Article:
References

  • 1
    Vilanova, WV; Carvalho-Junior, JR; Alfredo, E; Sousa-Neto, MD; Silva-Sousa, YT. Effect of intracanal irrigants on the bond strength of epoxy resin-based and methacrylate resin-based sealers to root canal walls. Int Endod J 2012;45:42-48.
  • 2
    Fuzinatto, RN; Farina, AP; Souza, MA; Miyagaki, DC; Randi Ferraz, CC; Cecchin, D. Effects of an endodontic auxiliary chemical substance on the bond strength of two methacrylate-based endodontic sealers to dentin. Microsc Res Tech 2017;80:627-633.
  • 3
    Mamootil, K; Messer, HH. Penetration of dentinal tubules by endodontic sealer cements in extracted teeth and in vivo Int Endod J 2007;40:873-881.
  • 4
    Carneiro, SM; Sousa-Neto, MD; Rached-Junior, FA; Miranda, CE; Silva, SR; Silva-Sousa, YT. Push-out strength of root fillings with or without thermomechanical compaction. Int Endod J 2012;45:821-828.
  • 5
    Kumar, NSM; Prabu, PS; Prabu, N; Rathinasamy, S. Sealing ability of lateral condensation, thermoplasticized gutta-percha and flowable gutta-percha obturation techniques: A comparative in vitro study. J Pharm Bioallied Sci 2012;4:131-135.
  • 6
    Gordon, MPJ; Love, RM; Chandler, NP. An evaluation of 0.06 tapered gutta-percha cones for filling of 0.06 taper prepared curved root canals. Int Endod J 2005;38:87-96.
  • 7
    Leduc, J; Fishelberg, G. Endodontic obturation: a review. Gen Dent2003;51:232-233.
  • 8
    De-Deus, G; Brandão, MC; Leal, F; Reis, C; Souza, EM; Luna, AS; et al.. Lack of correlation between sealer penetration into dentinal tubules and sealability in nonbonded root fillings. Int Endod J 2012;45:642-651.
  • 9
    Schilder, H. Filling root canal in three dimensions. Dent Clin North Am 1967;11:723-744.
  • 10
    Schäfer, E; Koster, M; Burklein, S. Percentage of gutta-percha-filled areas in canals intrumented with nickel-titanium systems and obturated with matching single cones. J Endod2013;39:924-928.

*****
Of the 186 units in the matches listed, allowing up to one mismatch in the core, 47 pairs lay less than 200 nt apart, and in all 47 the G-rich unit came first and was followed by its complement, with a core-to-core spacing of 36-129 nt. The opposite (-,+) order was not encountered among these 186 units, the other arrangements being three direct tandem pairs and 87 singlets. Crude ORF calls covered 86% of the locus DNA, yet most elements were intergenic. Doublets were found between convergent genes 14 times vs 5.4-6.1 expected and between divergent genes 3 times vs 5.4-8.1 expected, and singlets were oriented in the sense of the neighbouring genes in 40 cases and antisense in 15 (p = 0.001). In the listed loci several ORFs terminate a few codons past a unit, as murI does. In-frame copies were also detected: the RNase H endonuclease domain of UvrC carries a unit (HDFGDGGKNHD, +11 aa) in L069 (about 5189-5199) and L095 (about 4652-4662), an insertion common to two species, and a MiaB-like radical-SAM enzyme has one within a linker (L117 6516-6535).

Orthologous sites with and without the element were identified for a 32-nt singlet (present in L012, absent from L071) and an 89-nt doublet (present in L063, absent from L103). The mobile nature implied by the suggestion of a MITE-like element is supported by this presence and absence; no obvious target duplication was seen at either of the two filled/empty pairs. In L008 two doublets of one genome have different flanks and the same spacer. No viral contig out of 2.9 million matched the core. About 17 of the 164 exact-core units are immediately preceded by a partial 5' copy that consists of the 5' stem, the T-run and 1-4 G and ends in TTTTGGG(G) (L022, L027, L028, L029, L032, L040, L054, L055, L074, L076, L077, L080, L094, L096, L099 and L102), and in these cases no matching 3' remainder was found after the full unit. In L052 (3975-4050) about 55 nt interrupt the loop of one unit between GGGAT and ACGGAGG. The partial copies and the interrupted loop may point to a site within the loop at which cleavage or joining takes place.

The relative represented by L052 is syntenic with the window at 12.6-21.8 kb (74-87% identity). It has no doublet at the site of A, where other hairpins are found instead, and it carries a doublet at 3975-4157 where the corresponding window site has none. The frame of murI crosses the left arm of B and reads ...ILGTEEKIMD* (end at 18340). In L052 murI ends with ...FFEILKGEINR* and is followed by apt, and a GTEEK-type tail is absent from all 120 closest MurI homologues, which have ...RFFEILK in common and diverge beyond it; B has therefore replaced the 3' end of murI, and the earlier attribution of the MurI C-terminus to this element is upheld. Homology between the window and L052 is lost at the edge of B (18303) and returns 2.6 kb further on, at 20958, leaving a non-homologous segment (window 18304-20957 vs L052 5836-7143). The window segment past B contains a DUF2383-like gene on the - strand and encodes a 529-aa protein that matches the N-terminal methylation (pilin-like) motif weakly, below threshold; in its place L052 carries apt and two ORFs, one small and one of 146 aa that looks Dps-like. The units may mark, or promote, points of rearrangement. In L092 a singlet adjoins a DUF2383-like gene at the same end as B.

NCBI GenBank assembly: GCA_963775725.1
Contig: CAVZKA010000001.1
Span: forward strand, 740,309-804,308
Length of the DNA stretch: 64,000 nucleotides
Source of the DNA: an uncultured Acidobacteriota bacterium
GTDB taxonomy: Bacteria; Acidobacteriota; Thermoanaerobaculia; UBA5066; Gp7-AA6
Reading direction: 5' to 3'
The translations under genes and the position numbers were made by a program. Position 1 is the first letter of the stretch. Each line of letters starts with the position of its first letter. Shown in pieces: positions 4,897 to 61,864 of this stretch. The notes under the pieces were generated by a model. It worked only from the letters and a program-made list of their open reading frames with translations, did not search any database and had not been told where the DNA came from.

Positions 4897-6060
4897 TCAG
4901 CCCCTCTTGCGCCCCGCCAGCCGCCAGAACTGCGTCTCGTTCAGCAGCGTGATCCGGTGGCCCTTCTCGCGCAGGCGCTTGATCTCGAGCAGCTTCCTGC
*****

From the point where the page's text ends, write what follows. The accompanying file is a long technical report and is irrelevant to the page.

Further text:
• 11
    Flores, DS; Rached Junior, FJ; Versiani, MA; Guedes, DF; Sousa Neto ,MD; Pécora, JD. Evaluation of physico-chemical properties of four root canal sealers. Int Endod J2011;44:126-135.
  • 12
    Chesler, MB; Tordik, PA; Imamura, GM; Goodell, GG. Intra-manufacturer diameter and taper variability of rotary instruments and their corresponding gutta-percha cones. J Endod 2013;39:538-541.
  • 13
    Hatton, JF; Ferrillo, PJ; Wagner, G; Stewart, P. The effect of condensation pressure on the apical seal. J Endod1988;14:305-308.
  • 14
    Carvalho-Sousa, AB; Almeida-Gomes, F; Carvalho, PR; Maníglia-Ferreira, C; Gurgel Filho, ED; Albuquerque, DS. Filling lateral canals: evaluation of different filling techniques. Eur J Dent2010;4:251-256.
  • 15
    Schilder, H. Filling root canals in three dimensions. J Endod 2006;32:281-290.
  • 16
    Brosco, VH; Bernardineli, N; Torres, AS; Consolaro, A; Bramante, C; Moraes, IG; Garcia, RB. Bacterial leakage in root canals obturated by different techniques. Part 1: Microbiologic evaluation. Oral Sug Oral Med Oral Path Oral Radiol and Endod 2003;105:48-53.
  • 17
    Keles, A; Ahmetoglu, F; Uzun, I. Quality of different gutta-percha techniques when filling experimental internal resorptive cavities: a micro-computed tomography study. Aust Endod J 2014;40:131-135.